Noy hit for supporting coal plants
Janvic Mateo (The Philippine Star) - December 1, 2015 - 9:00am

MANILA, Philippines – President Aquino is facing criticisms for supporting the construction of new coal-fired power plants in the country even as he leads vulnerable nations in seeking global support in addressing the effects of climate change.

Gerry Arances, national coordinator of the Philippine Movement for Climate Justice, criticized the President for publicly supporting the use of coal plants, which contributes to the continuing increase in global temperature.

“The government remained deaf, mute and blind to the impacts of coal to the communities. The government was insensitive to the issues and problems that the people from different communities joining the protest caravan on coal are facing and would like to discuss with the government,” Arances claimed.

He also criticized Aquino and the Department of Energy (DOE) for shunning a dialogue with representatives from coal-affected communities prior to the climate conference in Paris this week.

“The dialogue was supposedly a venue to present our demands and propose solutions to address the issues and problems we are currently facing because of the coal projects,” said Benjamin Magan, president of the Sabang-Poocan Farmers and Fishers Association in Semirara, Antique, one of the major coal mine locations in the country.

31 coal plants underway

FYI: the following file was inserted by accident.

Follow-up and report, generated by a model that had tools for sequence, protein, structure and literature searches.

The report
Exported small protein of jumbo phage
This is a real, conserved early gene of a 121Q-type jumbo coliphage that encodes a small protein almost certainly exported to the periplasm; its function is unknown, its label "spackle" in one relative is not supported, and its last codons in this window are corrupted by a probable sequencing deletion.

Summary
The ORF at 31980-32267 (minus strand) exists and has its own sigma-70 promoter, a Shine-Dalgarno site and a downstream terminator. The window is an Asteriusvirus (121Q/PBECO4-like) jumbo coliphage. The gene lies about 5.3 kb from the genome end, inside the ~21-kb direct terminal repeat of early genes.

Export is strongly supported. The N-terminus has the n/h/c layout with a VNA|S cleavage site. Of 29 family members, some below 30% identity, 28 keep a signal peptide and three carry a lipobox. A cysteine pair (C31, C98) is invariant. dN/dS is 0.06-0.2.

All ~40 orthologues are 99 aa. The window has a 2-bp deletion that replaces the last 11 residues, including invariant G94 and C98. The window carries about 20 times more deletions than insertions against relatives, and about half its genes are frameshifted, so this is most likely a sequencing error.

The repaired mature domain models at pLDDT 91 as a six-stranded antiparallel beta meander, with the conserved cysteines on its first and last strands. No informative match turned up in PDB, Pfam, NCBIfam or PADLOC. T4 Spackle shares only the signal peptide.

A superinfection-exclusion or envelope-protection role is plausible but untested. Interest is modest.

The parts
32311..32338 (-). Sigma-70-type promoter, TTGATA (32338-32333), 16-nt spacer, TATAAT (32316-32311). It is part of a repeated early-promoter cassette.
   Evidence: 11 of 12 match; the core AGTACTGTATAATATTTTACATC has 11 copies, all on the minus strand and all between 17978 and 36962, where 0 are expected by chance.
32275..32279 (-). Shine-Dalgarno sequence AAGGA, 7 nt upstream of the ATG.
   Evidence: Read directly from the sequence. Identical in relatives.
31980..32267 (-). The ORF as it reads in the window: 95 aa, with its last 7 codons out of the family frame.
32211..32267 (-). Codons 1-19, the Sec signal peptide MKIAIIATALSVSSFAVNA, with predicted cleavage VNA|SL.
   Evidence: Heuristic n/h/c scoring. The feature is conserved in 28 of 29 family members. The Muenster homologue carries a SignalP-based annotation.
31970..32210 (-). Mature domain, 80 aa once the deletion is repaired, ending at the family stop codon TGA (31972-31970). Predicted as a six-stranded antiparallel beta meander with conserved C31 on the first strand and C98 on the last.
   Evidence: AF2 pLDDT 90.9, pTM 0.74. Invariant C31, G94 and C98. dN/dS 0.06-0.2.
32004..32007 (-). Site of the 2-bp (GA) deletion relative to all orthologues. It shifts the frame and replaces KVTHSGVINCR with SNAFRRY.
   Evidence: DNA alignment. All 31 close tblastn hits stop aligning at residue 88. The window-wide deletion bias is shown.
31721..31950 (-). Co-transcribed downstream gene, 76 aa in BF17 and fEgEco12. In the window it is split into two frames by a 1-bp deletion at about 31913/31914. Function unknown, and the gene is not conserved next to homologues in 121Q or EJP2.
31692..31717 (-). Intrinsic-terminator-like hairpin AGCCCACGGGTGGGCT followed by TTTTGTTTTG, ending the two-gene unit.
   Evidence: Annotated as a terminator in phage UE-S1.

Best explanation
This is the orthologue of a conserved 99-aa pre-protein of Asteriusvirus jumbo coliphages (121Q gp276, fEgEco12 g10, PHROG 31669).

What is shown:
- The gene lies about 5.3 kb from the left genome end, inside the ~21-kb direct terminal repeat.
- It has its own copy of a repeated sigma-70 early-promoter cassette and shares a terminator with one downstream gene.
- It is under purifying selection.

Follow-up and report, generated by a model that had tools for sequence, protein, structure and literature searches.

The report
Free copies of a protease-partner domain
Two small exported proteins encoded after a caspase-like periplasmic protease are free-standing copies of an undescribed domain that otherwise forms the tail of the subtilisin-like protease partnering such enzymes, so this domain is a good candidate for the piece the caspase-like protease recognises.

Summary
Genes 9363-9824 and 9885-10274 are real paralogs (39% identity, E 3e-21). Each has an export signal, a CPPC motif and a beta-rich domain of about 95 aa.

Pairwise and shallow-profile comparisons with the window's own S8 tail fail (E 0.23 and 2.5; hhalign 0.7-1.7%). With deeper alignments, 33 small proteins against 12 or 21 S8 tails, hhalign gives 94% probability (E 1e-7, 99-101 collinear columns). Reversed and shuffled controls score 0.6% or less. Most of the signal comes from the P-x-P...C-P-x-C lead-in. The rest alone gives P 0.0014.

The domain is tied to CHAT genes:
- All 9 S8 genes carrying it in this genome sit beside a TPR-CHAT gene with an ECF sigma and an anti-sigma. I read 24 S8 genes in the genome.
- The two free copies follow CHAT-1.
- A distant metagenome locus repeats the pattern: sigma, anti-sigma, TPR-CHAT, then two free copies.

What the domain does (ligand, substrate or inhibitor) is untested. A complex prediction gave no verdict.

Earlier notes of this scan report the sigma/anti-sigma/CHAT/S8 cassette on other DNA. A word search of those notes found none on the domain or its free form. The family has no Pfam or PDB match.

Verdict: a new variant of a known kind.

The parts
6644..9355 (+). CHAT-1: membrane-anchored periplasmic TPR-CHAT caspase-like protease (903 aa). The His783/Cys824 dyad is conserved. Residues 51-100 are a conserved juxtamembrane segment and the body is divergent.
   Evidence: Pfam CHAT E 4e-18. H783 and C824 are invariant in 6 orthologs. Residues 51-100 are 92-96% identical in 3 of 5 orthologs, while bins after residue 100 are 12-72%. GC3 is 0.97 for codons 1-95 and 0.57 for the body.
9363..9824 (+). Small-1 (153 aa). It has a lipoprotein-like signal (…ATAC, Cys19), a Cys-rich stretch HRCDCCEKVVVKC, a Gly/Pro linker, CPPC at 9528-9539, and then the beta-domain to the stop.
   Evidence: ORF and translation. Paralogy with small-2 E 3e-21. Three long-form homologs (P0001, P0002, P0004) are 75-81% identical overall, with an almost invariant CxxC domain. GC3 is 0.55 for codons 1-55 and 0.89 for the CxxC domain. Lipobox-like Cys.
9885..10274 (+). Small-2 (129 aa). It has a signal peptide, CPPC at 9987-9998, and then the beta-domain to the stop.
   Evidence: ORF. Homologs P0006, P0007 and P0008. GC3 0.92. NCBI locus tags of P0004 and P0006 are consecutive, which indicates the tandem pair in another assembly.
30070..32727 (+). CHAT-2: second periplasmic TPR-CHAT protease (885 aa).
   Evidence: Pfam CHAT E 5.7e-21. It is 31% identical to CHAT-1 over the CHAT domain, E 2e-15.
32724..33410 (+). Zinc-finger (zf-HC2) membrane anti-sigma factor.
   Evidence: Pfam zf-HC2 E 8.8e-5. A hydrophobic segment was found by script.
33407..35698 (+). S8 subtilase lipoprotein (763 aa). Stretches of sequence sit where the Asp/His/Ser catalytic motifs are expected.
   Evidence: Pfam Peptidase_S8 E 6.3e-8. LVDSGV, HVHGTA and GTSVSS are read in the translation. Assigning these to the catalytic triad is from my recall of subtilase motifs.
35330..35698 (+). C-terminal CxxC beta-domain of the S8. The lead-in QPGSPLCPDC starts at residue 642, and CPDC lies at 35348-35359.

According to the Global Coal Plant Tracker, at least 31 new coal plants are in the development stage while another three have started operating since 2010. Eleven of those under development are in the construction phase, three have secured permits, 10 in the pre-permit stage and seven have been announced.

Carbon emissions from coal plants are considered among those that contribute a lot to global warming and climate change, the climate justice advocates say.

In an interview with BBC, Aquino defended the construction of new coal-fired power plants as the other choices, gas and renewables, are still not the best options for the country. He cited the lack of gas-importing facilities and the high cost of renewables.

“So what we’re trying to do is ensure that we have the most modern coal plants that are in existence,” he was quoted as saying.

But advocates stress that while coal is the cheaper energy option, the cost of its consequences – particularly in terms of disasters caused by climate change and of the impact to environment – should be taken into account.

“Coal has never been and will never be clean or cheap. The cost of coal on the environment and people’s health and livelihoods has never been taken into account when the government speaks of coal as a cheap energy option,” said Gina Lopez of ABS-CBN’s Bantay Kalikasan.

Sanlakas secretary-general Aaron Pedrosa expressed disappointment in the government’s continued support for coal when more countries are doing away with this.

“More coal-fired power plants are being built under this administration. The worst part is these coal projects are located within the peripheries of communities that are traditionally home to millions of Filipinos and are supported by rich ecosystems and biodiversity,” Pedrosa said.

AARON PEDROSA ACIRC AQUINO AND THE DEPARTMENT OF ENERGY BANTAY KALIKASAN BENJAMIN MAGAN CLIMATE JUSTICE COAL GERRY ARANCES GINA LOPEZ GLOBAL COAL PLANT TRACKER PLANTS
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